Pied Piper Communicator 1
Model:PPC 001
Introduced:Fall 1982
Available:March 1983
Weight:12.5 lbs
Price: US $1,299
CPU:Zilog Z80A @ 4MHz
Display:80 x 24 text
Ports:parallel, TV RF, composite
Storage:internal floppy drive
OS:CP/M 2.2

Pied Piper - 1983
By Semi-Tech Micro (STM) Electronics

From The Authorized Dealer Manual:
The Pied Piper (the disillusioned German rat catcher who stole the town's children) was introduced at the COMDEX computer-expo in the fall of 1982, as well as the January 1983 winter CES show in Las Vegas. Actual shipments began in mid-1983.

The Pied Piper is a portable computer system runnng the CP/M Operating System, with a built-in floppy drive. Portable in this case really just means it has a handle to carry it around. There is no built-in monitor - you are expected to have your own, or use a consumer TV for the display. There is also no place on the system to store the required cables to plug the system in - it does not run on batteries either.

The single internal floppy drive stores 784K of data - an huge amount in comparison to other systems. But due to this large amount of data, and the small data buffer (30K) used to copy data from one floppy disk to another, you would have to go through up to 20 disk exchanges to copy a single floppy disk. Thankfully, an additional floppy drive ($550) can by plugged to the connector on the back of the Piper, eliminating the slow and tedious floppy disks swapping.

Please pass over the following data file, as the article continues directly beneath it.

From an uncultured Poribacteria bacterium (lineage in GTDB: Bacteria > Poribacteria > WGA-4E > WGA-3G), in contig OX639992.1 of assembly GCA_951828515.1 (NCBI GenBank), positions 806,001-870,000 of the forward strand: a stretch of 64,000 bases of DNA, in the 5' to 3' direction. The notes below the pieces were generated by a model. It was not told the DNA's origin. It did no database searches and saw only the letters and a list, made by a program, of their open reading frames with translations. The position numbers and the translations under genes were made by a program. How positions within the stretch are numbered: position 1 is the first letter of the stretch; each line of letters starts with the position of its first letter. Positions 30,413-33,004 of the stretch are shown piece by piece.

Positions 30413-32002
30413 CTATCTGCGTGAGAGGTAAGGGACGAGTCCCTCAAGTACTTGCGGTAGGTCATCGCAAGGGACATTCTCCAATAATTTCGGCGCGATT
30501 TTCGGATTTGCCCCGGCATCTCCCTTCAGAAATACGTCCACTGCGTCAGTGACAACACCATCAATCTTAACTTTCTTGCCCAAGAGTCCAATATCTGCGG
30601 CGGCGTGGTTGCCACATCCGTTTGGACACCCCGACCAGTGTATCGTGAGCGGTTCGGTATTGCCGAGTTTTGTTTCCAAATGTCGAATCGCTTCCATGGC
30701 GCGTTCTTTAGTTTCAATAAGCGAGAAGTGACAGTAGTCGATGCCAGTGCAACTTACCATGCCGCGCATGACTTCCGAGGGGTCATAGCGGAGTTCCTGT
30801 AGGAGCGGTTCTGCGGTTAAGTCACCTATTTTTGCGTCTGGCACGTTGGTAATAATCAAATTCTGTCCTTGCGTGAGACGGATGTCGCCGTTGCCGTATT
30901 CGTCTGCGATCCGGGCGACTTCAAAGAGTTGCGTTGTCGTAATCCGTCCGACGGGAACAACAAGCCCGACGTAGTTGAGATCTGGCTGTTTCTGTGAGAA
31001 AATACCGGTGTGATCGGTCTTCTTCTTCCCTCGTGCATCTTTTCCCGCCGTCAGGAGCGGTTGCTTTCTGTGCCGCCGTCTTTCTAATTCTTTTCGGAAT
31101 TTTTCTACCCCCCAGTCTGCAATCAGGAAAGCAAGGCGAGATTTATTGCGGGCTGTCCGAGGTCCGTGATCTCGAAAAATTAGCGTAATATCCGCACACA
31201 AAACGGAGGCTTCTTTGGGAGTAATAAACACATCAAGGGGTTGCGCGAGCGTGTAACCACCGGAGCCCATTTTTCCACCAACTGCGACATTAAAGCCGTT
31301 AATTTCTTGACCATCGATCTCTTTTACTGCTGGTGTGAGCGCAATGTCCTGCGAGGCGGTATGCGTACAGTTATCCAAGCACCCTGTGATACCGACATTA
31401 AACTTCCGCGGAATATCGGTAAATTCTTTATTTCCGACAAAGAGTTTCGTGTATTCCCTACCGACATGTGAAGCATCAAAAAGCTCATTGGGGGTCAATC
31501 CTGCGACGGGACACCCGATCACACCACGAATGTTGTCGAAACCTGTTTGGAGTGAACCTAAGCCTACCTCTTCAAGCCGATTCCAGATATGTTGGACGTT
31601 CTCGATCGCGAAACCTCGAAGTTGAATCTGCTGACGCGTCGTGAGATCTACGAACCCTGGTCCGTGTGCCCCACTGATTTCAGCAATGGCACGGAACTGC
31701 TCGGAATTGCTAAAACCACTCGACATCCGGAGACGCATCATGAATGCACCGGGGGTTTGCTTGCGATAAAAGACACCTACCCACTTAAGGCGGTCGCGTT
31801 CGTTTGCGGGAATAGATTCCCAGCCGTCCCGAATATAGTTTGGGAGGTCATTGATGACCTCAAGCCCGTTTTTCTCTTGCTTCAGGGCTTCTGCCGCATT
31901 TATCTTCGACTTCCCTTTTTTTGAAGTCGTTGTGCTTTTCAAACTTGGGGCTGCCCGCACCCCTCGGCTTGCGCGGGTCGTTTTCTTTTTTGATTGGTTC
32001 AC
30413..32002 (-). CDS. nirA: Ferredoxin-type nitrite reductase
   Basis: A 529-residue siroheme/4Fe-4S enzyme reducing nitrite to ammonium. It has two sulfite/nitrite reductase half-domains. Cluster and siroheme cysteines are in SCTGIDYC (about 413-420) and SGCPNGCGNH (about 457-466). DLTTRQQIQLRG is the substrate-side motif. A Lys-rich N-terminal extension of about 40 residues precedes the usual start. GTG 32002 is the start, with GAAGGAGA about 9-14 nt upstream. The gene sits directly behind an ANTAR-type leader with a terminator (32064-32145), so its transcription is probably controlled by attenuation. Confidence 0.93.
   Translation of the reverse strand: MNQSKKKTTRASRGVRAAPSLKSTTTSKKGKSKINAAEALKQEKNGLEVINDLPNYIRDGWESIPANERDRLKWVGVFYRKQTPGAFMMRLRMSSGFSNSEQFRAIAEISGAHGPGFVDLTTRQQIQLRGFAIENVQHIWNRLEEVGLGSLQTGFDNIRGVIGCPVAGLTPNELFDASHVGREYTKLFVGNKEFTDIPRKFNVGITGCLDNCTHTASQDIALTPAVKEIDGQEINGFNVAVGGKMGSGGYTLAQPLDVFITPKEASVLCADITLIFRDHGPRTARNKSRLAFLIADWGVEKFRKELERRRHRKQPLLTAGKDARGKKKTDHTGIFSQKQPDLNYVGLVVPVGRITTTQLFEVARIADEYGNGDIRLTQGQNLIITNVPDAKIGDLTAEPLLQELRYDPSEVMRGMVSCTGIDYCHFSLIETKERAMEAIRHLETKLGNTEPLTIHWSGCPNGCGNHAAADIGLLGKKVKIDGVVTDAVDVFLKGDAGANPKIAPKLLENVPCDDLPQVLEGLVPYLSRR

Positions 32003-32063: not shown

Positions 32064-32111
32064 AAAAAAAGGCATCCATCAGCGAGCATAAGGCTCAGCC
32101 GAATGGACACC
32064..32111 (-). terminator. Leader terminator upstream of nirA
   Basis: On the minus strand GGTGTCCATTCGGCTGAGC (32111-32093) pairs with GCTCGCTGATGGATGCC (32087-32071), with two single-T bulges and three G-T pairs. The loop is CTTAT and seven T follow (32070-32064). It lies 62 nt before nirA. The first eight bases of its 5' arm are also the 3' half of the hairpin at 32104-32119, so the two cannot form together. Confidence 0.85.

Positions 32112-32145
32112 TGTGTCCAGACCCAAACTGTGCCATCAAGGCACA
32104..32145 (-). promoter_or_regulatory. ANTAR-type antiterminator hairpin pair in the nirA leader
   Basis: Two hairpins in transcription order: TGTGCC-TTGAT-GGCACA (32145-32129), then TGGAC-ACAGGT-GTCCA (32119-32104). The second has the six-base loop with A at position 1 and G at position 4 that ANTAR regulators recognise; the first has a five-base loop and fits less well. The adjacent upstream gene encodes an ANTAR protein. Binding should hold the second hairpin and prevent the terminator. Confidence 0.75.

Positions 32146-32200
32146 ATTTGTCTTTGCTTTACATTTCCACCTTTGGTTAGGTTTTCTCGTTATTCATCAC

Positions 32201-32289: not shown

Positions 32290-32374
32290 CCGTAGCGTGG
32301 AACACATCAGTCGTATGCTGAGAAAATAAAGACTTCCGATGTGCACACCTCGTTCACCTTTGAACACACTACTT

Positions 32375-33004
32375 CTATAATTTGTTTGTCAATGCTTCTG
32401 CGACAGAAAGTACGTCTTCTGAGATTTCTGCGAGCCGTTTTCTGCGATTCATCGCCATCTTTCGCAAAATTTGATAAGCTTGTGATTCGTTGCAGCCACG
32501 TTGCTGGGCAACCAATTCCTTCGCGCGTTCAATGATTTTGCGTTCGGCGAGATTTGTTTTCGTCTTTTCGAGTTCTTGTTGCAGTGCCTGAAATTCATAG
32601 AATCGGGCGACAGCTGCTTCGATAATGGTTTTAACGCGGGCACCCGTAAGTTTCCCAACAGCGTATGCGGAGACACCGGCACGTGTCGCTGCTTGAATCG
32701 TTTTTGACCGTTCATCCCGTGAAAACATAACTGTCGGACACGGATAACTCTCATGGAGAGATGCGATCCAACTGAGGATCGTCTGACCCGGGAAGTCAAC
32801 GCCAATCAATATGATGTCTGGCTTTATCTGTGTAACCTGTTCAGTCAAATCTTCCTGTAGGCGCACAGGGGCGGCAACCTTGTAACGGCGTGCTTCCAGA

Although not untypical, the Piper floppy disk data format is non-standard - no other manufacturer supports it. But using the included software, the Pied Piper can read floppy disks from certain other computer systems.

Included with every Pied Piper was a full suite of professional software from "Perfect Software", valued at $1,700 if purchased separately. This includes:
  • Perfect Speller
  • Perfect Writer
  • Perfect Filer
  • Perfect Calc
  • This same (or similar) "Perfect Software" suite was also included for free with the Kaypro line of computers.

    The Pied Piper never really found it's niche market - there was little to distinguish it from competing systems, and the CP/M operating system was going out of style, being replaced by MS-DOS, which the Piper could not run.

    Related Links

  • STM company profile from Classic Tech
  • Uncle Roger's Classic Computers
  • Binary Dinosaurs
  • STM manuals from Chicago Classic Computing!
  • Pied Piper review from New York Times - August 30, 1983.
  • 1983 Creative Computing Pied Piper evaluation from Classic Computer Magazine Archive
  • 1983 InfoWorld Pied Piper review.

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